Table 3 Endometrial Thickness and Numbers of Endometrial Glands in the Control and Treatment Rats on Day 40
Various experimental animal models for PCOS were documented in the literature, none of these animal models are fully convincing and mimic completely the human PCOS. However, the short length of the estrous cycle of rats makes them ideal models for fertility studies.
Letrozole (Ltz) belongs to non-steroidal reversible aromatase inhibitors, it builds a PCOS model in rats resembling the human ones in term of histological and biochemical similarities it also exhibits the main characteristics of human PCOS such as hyperandrogenism, and multiple cysts.32 The mechanism of Ltz-induced PCOS is elucidated by blockade of transformation of testosterone and androstenedione to estradiol and estrone respectively and consequently this leads to androgen accumulation, hormonal alteration, synthesis of intraovarian androgen that ends with appearance of a polycystic ovary, hyperglycemic condition, and metabolic disturbances. Follicular atresia and development of abnormal follicular status are observed due to the access of androgen levels inside the ovary.33
In the present study, the use of Ltz was continued for 21 days27,34 this led to significant increase in the body weight of the animals, estrous cycle irregularity and hormonal abnormalities ie, hyperandrogenisim thus the development of PCOS in the studied animals of the present study might be due to increased TS and LH. It is well known that obesity and visceral adiposity worsen the clinical features of menstrual irregularity and infertility35 and they are correlated with increased serum androgens and LH in female with PCOS.36
In this study treatment of the PCOS with flavonolignan silibinin displayed the potential alleviation of the hormonal abnormalities and restored the normal estrous cyclicity in the rats. Silibinin treated groups alone and in combination with metformin, did not display any significant increase in body weight compared with the animals in the different groups, which suggested that silibinin might have the suppressive effect on lipid accumulation in adipocytes.37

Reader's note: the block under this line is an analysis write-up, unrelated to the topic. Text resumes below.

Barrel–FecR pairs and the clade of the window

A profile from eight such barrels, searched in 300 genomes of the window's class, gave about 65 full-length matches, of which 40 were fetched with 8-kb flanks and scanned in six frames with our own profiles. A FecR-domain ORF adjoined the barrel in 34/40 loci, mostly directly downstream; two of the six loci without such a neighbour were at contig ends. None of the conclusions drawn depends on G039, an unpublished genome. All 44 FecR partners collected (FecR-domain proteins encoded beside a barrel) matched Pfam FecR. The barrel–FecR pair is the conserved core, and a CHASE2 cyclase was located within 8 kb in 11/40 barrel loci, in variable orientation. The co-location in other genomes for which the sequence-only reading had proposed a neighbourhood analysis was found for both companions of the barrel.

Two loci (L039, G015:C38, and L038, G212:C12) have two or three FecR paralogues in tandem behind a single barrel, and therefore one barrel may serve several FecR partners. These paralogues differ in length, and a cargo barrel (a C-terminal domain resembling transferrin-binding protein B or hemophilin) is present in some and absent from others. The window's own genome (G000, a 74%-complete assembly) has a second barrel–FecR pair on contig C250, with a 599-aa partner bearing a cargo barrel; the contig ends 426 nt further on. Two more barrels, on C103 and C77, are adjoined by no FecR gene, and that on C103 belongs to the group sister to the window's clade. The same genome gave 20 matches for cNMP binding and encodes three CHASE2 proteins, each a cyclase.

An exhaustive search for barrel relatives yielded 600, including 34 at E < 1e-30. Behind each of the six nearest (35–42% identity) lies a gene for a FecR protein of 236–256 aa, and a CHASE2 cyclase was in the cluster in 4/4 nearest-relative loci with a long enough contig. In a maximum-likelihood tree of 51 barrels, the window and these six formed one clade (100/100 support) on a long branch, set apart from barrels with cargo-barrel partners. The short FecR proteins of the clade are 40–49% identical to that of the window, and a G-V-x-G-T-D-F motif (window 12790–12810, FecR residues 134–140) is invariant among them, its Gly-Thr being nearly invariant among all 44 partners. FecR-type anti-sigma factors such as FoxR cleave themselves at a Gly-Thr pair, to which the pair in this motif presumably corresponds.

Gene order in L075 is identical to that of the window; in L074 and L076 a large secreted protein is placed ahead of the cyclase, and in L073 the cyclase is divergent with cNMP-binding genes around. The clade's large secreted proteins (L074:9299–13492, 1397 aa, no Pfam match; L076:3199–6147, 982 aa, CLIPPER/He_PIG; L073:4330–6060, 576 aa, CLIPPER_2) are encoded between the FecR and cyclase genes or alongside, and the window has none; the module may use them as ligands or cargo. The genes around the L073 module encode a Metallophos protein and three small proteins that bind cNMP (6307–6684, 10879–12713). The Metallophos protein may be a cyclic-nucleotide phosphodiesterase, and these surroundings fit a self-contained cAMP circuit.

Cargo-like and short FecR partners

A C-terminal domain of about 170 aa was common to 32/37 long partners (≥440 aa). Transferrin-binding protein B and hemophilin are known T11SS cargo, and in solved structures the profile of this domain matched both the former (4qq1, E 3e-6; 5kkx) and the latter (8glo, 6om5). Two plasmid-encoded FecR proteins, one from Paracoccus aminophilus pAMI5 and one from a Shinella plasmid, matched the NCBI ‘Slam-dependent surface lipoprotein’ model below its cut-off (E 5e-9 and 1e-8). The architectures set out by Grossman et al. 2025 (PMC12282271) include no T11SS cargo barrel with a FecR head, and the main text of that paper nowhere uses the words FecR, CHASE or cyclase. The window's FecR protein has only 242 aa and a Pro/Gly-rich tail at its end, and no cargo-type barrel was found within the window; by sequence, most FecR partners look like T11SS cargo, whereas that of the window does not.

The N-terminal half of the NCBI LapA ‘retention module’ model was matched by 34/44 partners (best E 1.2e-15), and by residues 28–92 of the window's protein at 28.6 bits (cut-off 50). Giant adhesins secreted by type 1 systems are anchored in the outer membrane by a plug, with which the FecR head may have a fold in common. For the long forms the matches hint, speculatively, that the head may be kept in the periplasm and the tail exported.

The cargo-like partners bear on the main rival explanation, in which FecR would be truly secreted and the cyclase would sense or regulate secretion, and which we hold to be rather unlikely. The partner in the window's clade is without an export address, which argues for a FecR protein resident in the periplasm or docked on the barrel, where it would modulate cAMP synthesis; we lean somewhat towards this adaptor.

Furthermore, low and high silibinin doses showed a remarkable anti-inflammatory effect as well as it showed a synergistic effect when it was combined with metformin. Previous studies have reported the suppression effect of silibinin in TNF-α and interferon (IFN-γ)-induced intracellular adhesion molecule (ICAM-1) expression by inhibiting NF-κB activity in human cells.24
Although the etiology of PCOS is complex and remains a mystery, but the evidences support the presence of chronic low-grade inflammation in women with this syndrome38 and it has been postulated that inflammation may also be involved in the development of metabolic alteration and ovarian dysfunction.39 A recent systematic review stated that PCOS individuals have increased levels of inflammatory mediators and the persistent release of inflammatory markers are linked to metabolic complications over time. Furthermore, other studies indicate a relationship between high level of androgens and leukocyte count, so that chronic low grade inflammation may be mediated through androgens concentration. Additionally, various studies investigated the impact of obesity and insulin resistance in increased inflammation, suggesting an enhancing influence of these abnormal metabolic states on PCOS pathogenesis.40